Belly Fat, Toxic Tattoos and Other News of the Week

Health and medical picks from around the Web

Tattoo Artist

Here is this week’s round-up of stories from around the Web featuring Cleveland Clinic experts that we know you won’t want to miss.

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Expanding waistlines

There was good news and bad news this week on the obesity front. While overall body-mass index numbers haven’t changed in the United States in the last decade, our waistlines are still spreading. So we may not be getting heavier, but we’re gaining the weight in the worst place: our bellies. Abdominal fat poses health dangers – it releases at least 80 different chemicals and hormones that promote diabetes, inflammation and lipid changes. Abdominal fat also increases your risk of diabetes, heart disease and high cholesterol. What to do? Tweak your diet and make sure you are active. Belly fat: 3 science-approved ways to trim an inch (TODAY.com).

Contaminated ink

The FDA has a warning for anyone who’s thinking about getting a tattoo: watch out for bad ink. Some inks are contaminated with an infection-causing bacterium. FDA researchers became aware of the ink problem after testing kits designed for at-home use, but says said even ink from a professional tattoo parlor could cause a problem. An infection caused by contaminated ink, or a contaminated needle can cause any number of skin reactions. There are other risks of infection, too. Health care professionals are receiving reports of hepatitis C being transmitted through needles that are used on more than one tattoo customer. FDA warns of dangerous tattoo ink (WCFT-TV).

Big data for better decisions

Physicians have long relied on a range of resources such as medical literature, research, experience and instinct, to inform their patients about the projected outcomes of treatments and procedures. But these resources don’t take into account a patient’s unique characteristics, such as age, gender, race, extent and type of disease and other health factors.  Enter Big Data. Using a simple calculator, doctors and patients are crunching big data together to help the patients make informed medical decisions. Medical Calculators Use Big Data to Help Patients Make Choices (WSJ.com).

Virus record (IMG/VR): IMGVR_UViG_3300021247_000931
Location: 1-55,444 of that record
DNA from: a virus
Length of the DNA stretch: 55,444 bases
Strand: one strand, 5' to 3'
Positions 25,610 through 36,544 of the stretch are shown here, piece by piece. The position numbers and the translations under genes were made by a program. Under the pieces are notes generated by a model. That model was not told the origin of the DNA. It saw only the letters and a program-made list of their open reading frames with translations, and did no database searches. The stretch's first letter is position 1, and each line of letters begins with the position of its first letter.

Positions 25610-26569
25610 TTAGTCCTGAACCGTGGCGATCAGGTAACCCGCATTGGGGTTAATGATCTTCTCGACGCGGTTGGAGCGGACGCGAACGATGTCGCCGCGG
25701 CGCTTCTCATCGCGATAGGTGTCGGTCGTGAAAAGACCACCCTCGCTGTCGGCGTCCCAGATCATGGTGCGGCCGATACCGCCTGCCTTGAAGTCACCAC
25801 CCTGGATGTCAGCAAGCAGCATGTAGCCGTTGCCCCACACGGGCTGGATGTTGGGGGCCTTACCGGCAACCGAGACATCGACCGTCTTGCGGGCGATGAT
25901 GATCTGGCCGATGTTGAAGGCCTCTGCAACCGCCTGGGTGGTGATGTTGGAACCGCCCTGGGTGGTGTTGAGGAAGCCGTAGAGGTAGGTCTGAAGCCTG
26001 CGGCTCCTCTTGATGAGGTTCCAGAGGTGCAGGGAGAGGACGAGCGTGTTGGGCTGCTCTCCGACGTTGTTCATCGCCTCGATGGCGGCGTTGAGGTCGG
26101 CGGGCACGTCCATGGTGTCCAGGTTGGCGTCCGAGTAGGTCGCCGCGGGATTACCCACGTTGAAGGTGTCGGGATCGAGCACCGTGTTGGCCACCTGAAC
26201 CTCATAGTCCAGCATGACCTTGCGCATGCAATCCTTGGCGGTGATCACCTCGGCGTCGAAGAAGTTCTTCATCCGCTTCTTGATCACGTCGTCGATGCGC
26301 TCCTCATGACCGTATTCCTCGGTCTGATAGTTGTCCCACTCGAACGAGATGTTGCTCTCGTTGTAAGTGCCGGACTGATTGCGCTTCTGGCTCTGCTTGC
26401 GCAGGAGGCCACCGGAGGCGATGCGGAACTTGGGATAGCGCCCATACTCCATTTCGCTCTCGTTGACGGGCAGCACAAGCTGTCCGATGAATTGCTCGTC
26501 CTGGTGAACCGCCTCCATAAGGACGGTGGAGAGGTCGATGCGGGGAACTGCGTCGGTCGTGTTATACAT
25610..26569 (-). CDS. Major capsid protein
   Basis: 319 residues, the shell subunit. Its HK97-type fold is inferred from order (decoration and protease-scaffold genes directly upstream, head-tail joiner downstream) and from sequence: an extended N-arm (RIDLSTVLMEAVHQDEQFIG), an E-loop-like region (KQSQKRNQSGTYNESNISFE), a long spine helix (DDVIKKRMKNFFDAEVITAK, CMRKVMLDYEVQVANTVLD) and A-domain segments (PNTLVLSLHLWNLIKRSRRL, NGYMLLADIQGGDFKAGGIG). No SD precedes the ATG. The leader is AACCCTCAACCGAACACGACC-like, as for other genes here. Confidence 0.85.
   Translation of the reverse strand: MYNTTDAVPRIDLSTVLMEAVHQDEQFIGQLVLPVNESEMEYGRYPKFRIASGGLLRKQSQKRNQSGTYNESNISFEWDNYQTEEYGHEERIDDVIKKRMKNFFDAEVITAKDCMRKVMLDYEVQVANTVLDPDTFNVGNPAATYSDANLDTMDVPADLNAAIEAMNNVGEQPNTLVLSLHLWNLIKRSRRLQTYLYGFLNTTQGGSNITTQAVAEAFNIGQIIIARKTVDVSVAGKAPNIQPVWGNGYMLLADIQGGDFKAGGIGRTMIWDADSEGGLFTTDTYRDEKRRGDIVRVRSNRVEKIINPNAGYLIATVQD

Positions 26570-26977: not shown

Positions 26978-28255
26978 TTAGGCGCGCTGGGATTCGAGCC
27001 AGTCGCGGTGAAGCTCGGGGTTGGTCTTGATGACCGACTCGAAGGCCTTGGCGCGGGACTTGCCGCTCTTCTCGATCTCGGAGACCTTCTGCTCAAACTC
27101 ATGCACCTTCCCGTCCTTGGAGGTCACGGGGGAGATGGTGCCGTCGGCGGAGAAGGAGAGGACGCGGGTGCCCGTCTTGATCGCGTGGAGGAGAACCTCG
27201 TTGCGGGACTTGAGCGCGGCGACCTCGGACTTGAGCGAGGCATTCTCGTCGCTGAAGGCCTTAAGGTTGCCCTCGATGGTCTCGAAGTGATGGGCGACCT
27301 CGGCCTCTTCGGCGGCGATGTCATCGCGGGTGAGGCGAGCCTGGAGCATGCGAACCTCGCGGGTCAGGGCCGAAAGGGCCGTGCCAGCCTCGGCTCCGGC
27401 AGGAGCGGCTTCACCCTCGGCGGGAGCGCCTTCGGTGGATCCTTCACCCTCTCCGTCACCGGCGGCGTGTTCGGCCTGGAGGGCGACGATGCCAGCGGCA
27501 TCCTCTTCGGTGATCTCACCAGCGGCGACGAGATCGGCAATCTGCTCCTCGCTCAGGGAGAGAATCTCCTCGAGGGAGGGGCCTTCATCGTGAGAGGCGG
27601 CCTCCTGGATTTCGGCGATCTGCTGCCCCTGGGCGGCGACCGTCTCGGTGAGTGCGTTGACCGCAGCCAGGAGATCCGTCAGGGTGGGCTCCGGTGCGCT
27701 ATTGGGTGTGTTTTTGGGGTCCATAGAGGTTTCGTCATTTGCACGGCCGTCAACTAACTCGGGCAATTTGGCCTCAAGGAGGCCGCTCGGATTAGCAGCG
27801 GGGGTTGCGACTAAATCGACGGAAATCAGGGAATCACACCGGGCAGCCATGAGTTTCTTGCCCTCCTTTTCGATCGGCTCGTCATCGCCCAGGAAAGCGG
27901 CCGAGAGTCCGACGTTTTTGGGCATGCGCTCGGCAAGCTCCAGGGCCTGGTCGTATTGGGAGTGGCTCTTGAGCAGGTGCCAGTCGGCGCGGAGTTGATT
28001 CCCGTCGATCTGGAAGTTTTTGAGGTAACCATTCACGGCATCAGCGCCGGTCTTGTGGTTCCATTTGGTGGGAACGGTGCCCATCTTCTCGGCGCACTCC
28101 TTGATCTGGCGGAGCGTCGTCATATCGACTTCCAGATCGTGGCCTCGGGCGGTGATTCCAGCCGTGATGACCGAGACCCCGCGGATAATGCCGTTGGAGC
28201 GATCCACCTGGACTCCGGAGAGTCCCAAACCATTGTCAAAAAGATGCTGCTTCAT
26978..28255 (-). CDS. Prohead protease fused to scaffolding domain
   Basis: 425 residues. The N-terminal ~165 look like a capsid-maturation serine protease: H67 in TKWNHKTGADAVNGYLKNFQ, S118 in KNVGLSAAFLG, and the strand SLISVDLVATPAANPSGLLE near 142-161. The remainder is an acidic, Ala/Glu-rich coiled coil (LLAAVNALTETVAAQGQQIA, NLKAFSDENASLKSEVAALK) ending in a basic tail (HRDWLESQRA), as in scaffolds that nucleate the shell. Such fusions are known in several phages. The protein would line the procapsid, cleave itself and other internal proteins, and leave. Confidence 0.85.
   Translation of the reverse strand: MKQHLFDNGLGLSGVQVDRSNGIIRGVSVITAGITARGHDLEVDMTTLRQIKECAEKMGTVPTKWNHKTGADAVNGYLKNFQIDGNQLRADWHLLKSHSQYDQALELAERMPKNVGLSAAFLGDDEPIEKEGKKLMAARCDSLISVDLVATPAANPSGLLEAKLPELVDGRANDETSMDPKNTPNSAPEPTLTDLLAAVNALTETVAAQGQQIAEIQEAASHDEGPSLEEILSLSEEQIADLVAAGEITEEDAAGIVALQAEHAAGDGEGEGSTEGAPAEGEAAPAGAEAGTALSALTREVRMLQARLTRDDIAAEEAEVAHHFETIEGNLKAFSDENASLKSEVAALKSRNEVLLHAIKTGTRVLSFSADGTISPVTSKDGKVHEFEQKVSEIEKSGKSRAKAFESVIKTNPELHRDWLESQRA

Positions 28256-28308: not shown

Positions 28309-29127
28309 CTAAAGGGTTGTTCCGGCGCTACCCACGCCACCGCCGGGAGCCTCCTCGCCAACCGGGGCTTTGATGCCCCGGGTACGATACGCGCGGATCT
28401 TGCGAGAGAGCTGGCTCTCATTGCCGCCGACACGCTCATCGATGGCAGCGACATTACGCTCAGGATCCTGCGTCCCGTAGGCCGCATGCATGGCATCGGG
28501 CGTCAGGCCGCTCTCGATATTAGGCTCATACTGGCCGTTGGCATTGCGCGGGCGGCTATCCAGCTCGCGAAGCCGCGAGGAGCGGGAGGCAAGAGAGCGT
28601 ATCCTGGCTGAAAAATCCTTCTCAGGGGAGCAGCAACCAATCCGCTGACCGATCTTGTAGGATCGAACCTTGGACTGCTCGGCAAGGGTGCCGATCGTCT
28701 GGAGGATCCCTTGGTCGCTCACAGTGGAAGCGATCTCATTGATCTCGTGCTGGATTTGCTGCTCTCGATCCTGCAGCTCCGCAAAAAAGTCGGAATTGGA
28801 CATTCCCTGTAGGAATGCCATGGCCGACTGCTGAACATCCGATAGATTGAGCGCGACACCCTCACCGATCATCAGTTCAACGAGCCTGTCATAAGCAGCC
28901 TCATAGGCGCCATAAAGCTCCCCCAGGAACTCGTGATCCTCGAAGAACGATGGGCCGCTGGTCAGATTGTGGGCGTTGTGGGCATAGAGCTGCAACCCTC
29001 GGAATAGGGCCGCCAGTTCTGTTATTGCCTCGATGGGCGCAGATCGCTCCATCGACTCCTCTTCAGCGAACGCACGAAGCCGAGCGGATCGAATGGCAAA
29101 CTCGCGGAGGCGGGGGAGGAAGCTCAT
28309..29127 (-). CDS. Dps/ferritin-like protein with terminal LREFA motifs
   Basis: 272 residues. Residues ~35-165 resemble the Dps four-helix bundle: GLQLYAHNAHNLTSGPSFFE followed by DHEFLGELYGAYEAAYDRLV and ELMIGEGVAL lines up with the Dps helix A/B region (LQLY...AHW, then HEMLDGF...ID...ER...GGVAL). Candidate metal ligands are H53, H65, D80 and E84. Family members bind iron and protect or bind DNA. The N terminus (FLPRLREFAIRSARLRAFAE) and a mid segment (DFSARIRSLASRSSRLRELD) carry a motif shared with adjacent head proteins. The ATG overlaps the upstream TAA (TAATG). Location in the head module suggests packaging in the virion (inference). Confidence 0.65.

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Generic drug for MS

A generic version of a popular drug for multiple sclerosis (MS) has been found to be safe and effective— which may set precedent for generic drug development for MS patients. The double-blind trial compared the popular MS drug with a generic version. In both treatment groups, a comparable number of patients were free from disease activity and the disability was stable. Currently, there are no generic drugs available for patients with MS. The findings are significant because drug costs are a sizable portion of the cost of MS care. The hope is that these generics would provide alternatives that are equally safe and effective, but at a lower cost to payers and patients. Researchers see success in trial for first generic MS drug, paving way for more development (Foxnews.com).

Baldness and cancer risk

The latest study to suggest a link between male pattern baldness and prostate cancer shows men who experience moderate male pattern baldness by age 45 have an increased risk of developing aggressive prostate cancer later in life, compared to men who were not bald.  The study indicates a 40 percent increased risk of the most serious type of prostate cancer in men with baldness at front and moderate hair-thinning on the crown of the head. Other patterns of baldness, which affect only a small area of the crown or hair loss that results in near total-baldness, showed no link to prostate cancer. Baldness and prostate cancer: latest study offers more evidence to link the two conditions (cleveland.com).

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